Justice League #30, published by DC Comics, is written by Scott Snyder and James Tynion IV, illustrated by Jorge Jimenez, colored by Alejandro Sanchez, and lettered by Tom Napolitano. This issue begins the “Justice/Doom War” storyline as Lex Luthor, remade into an Apex Predator by the dark goddess Perpetua, gathers the Legion of Doom to enact his grand plan.
He intends to restore the universe to its original, predatory state. Elsewhere, the members of the Justice League deputize every hero they can and plan to travel through time to find the cosmic force known as the Totality so they can stand a chance against Luthor. While Batman, Superman, and Wonder Woman travel to the future, Green Lantern and the Flash go to the past. Both teams eventually find themselves face to face with long lost heroes from DC’s history.
This story arc is the culmination of everything Snyder and Tynion have been building up to during their run on Justice League, and they hit the ground running. The opening pages highlight just how much of a menace Luthor has become to the heroes and villains assembling on both sides. Readers will feel the true scale of this story arc. As with previous issues, this story arc feels very reminiscent of the Justice League Unlimited animated series.
Snyder and Tynion also continue to bring new depths to Lex Luthor. Gone is the man obsessed with killing Superman, and in his place stands an inhuman being willing to rip apart the universe to prove that humanity was meant to be evil. The greatest strength of this title is that we spend just as much time with the villains as the heroes. This helps stoke the fires of anticipation for future issues and provides a well-rounded look at Luthor and his compatriots in the Legion.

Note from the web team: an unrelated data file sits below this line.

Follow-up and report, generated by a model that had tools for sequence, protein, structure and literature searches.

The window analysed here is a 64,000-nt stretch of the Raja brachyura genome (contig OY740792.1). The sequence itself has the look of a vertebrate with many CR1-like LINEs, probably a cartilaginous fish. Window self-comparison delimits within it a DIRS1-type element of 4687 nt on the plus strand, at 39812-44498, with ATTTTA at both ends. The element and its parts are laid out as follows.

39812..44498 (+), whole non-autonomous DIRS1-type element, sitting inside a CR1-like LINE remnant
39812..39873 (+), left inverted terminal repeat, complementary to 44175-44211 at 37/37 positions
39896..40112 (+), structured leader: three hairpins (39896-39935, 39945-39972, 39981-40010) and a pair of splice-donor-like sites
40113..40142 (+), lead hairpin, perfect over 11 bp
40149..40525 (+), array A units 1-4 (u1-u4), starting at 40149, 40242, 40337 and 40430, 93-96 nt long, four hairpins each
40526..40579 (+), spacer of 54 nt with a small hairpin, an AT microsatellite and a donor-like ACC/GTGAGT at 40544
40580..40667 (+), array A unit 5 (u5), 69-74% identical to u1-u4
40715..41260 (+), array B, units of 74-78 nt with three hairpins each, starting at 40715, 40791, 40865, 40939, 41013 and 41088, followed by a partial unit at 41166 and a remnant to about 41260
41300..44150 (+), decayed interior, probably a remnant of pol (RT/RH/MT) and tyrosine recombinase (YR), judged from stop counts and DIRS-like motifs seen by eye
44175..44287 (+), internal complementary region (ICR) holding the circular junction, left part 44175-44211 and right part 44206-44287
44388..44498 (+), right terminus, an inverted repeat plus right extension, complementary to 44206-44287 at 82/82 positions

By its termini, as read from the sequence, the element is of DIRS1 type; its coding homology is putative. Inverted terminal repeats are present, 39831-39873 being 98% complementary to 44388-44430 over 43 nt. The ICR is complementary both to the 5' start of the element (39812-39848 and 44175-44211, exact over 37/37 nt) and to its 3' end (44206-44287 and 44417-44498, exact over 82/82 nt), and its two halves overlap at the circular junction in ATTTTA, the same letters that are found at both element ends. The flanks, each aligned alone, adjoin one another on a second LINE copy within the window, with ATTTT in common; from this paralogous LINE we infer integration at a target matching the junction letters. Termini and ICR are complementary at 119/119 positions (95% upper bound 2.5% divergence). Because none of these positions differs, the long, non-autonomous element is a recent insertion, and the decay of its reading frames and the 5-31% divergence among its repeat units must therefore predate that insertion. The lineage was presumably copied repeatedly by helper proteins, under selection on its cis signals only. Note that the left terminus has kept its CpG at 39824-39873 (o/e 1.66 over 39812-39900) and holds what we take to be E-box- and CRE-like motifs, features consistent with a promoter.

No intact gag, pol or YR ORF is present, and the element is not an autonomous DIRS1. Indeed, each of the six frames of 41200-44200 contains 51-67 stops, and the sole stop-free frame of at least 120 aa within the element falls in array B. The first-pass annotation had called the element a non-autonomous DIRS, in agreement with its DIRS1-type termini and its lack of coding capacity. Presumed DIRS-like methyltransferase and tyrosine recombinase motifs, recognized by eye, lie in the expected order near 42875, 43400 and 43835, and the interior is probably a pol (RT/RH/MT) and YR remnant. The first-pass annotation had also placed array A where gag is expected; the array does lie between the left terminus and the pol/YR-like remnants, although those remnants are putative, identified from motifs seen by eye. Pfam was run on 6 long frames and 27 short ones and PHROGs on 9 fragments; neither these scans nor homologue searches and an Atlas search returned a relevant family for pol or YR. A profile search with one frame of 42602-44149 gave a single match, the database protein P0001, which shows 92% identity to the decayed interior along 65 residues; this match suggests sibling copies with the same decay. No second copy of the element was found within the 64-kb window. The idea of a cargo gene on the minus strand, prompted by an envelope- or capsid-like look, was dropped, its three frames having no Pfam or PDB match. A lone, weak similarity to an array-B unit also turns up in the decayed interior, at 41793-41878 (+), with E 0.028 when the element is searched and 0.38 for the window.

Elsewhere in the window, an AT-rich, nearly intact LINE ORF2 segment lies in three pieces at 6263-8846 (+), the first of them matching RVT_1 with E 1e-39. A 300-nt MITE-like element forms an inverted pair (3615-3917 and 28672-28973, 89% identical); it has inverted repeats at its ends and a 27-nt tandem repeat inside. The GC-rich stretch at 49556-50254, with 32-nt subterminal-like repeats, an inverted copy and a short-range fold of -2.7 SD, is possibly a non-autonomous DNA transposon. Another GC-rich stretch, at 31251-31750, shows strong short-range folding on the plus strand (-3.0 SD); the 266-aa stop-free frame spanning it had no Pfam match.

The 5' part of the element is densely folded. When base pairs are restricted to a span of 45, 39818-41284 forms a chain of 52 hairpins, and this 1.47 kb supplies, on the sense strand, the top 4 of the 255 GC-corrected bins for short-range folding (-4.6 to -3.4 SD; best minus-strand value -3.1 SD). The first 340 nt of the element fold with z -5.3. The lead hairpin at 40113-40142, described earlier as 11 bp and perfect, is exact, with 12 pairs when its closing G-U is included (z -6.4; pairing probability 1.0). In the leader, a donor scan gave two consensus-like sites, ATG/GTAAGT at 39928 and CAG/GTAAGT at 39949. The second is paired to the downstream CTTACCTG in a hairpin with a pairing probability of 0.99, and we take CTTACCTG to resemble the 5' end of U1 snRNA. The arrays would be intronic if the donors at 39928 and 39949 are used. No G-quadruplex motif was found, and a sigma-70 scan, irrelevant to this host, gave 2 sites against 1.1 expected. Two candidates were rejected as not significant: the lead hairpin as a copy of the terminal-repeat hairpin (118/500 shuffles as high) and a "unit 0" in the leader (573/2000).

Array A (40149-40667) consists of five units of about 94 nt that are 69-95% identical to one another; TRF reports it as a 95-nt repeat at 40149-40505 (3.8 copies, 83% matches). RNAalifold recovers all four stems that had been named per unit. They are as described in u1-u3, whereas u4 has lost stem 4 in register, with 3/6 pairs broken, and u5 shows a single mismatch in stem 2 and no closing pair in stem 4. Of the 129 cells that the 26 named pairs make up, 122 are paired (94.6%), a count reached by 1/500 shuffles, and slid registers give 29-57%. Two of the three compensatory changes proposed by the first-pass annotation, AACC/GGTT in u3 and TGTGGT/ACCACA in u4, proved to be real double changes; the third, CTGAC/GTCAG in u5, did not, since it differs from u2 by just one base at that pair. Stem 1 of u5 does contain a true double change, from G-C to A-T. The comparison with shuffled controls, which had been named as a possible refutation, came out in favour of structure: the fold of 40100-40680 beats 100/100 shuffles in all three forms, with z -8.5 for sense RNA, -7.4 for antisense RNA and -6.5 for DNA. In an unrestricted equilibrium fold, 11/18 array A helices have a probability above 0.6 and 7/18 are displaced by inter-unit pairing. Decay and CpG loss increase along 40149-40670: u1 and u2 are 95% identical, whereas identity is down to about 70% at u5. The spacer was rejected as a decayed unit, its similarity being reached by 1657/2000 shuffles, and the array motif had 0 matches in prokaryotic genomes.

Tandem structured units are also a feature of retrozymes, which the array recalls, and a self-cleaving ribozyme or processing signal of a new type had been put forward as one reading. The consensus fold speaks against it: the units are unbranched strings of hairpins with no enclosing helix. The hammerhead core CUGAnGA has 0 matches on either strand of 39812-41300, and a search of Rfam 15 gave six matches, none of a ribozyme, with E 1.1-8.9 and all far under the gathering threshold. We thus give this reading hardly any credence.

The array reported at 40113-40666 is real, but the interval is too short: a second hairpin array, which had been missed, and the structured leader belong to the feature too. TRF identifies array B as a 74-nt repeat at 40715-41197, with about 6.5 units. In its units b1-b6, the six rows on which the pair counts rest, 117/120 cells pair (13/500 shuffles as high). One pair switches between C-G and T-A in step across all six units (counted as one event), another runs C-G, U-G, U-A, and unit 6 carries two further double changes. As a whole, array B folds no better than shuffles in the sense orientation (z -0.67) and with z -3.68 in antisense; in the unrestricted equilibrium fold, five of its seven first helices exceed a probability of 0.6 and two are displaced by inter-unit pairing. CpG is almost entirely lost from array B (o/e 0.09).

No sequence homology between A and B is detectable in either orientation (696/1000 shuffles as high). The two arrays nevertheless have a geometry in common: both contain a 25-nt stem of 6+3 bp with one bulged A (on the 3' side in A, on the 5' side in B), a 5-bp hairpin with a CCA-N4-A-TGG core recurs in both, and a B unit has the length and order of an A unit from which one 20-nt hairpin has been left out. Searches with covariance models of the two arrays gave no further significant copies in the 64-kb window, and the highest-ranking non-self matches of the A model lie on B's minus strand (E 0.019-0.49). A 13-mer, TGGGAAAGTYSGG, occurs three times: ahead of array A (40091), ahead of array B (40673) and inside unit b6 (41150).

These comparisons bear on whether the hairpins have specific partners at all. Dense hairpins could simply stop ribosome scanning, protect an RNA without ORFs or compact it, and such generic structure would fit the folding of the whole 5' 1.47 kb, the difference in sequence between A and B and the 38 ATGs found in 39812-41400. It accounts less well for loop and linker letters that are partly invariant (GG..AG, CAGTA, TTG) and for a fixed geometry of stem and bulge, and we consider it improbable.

On the art side of things, Jimenez and Sanchez deliver astounding artwork. Perhaps the best sequences Jimenez draws are the aforementioned scenes where the League and Legion recruit additional members. Both scenes are bursting with heroes and villains from across the DC Universe and Jimenez’s anime-styled artwork will make you feel like you’re watching a long-lost episode of Justice League Unlimited.
Sanchez brings both of these scenes to life with his colors. The Hall of Justice is awash in sunlight while the Hall of Doom is shrouded in a hellish red sunset. The former invokes hope, the latter dread; a perfect contrast. Artist Francis Manupal illustrates the last page, which is sure to have longtime DC fans rejoicing.
Justice League #30 masterfully brings several plot threads together while giving equal focus to both heroes and villains. It is also stunningly illustrated by one of the best artists in DC’s roster. Given how the issue ends, I am more than eager to see the events of the Justice/Doom War and what effect it might have on the larger DC Universe.
Justice League #30 is available wherever comics are sold.
Justice League #30
Justice League #30 masterfully brings several plot threads together while giving equal focus to both heroes and villains.
Collier “CJ” Jennings is a freelance reporter and film critic living in Seattle. He uses his love of comics and film/TV to craft reviews and essays on genre projects. He is also a host on Into the Spider-Cast.